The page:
Tuesday, January 3, 2012

GUROZUKA: Ghosts and gore for teens?

D. Yoichi Nishiyama
Synapse Films

Another offering in the Asian Cult Cinema line for Synapse Films; this new film from Japan is atmospheric and has some startling images sprinkled throughout. But unfortunately it is not the strongest release they have put out from the Far East. Borrowing heavily from THE RING and other ghost films popular in Japan then welding them to the the teen slasher cycle that had burned itself out in the late 90's, GUROZUKA never really comes to life on its own terms.

The film begins with two twenty-something young women who find a startling 8mm video tape that shows a Goh performance that ends with the performers murdering each other. Then these girls and a whole other gang of young ladies go on a road trip together. They are part of a movie club going to a remote house to make a short film together based on the rumors of the former club members disappearance. Naturally the killing on the tape and those missing girls are linked. Soon the ghostly Goh masked killer from the tape is spooking his (or her) way around the woods and cabin picking off the girls as they try to figure out how it all fits together.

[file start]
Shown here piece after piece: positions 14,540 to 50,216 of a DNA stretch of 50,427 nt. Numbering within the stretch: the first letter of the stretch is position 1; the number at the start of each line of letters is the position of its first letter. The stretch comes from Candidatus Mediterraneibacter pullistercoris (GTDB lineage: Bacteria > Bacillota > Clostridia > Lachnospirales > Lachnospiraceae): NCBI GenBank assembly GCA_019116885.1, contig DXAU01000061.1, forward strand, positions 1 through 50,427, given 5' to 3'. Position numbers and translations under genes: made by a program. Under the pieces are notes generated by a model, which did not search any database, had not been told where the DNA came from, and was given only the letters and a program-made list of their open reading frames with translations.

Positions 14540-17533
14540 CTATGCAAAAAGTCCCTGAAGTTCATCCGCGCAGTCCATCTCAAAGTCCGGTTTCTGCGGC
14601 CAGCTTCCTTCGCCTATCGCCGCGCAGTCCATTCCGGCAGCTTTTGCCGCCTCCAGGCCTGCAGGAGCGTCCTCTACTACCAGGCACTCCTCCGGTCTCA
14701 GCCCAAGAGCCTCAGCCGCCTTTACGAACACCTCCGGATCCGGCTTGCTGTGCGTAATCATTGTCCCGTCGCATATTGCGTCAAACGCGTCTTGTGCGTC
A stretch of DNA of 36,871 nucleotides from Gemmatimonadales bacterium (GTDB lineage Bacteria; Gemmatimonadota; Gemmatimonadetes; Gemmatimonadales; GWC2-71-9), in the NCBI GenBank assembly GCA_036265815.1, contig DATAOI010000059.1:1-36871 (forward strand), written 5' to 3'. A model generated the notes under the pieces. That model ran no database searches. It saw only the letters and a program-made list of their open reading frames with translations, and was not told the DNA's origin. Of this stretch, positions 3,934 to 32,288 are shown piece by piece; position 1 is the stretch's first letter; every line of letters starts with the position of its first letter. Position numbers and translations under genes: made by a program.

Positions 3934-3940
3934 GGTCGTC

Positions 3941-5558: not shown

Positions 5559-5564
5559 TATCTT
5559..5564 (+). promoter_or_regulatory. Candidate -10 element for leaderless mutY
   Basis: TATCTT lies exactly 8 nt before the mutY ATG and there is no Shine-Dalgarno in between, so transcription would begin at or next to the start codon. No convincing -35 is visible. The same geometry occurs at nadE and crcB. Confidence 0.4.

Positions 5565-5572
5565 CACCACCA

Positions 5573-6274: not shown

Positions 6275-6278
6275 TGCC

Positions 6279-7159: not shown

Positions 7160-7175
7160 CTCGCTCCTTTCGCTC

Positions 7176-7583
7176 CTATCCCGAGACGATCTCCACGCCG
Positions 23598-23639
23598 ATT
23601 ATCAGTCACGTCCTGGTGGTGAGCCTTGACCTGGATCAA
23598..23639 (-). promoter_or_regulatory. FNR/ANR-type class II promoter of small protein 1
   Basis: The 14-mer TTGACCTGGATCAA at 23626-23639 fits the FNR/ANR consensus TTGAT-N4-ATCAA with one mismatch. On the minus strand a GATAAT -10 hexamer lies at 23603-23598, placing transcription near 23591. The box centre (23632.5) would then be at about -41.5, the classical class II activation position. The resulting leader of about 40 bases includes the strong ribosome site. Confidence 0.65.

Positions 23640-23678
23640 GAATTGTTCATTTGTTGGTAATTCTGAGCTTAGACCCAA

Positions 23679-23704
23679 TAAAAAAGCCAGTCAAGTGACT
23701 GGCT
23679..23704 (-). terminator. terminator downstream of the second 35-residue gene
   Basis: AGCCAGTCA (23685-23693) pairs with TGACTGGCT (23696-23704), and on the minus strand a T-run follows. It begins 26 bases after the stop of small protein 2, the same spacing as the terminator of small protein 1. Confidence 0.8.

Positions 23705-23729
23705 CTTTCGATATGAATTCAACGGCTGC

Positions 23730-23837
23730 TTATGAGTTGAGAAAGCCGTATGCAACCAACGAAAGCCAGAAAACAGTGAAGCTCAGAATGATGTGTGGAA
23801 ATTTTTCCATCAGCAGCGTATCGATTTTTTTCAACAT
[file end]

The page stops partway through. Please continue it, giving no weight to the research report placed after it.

The movie is as much,if not more, a teen mystery, as a horror movie and is surprisingly tame, even once the blood splattered climax approaches. There is no nudity, and though there is some violence, it is not particularly outlandish as one would come to expect from Asian cinema. The set up of the film reminded me a lot of the movie EVIL DEAD TRAP but never reaches those heights of fear or delirium. In fact I kind of wonder if this wasn't aimed at a youth audience in Japan, with the cast of pretty young girls, but extreme lack of exploitation. If that is the case, the movie works ok, though is a bit on the slow side. If it is intended to be a film aimed at adults, then it is too little to really satisfy.

The film is certainly well made enough, but as far as Asian horror goes this is kind of middle of the road.

The disc comes with a fun behind the scenes and a trailer.

Review © Andrew Copp

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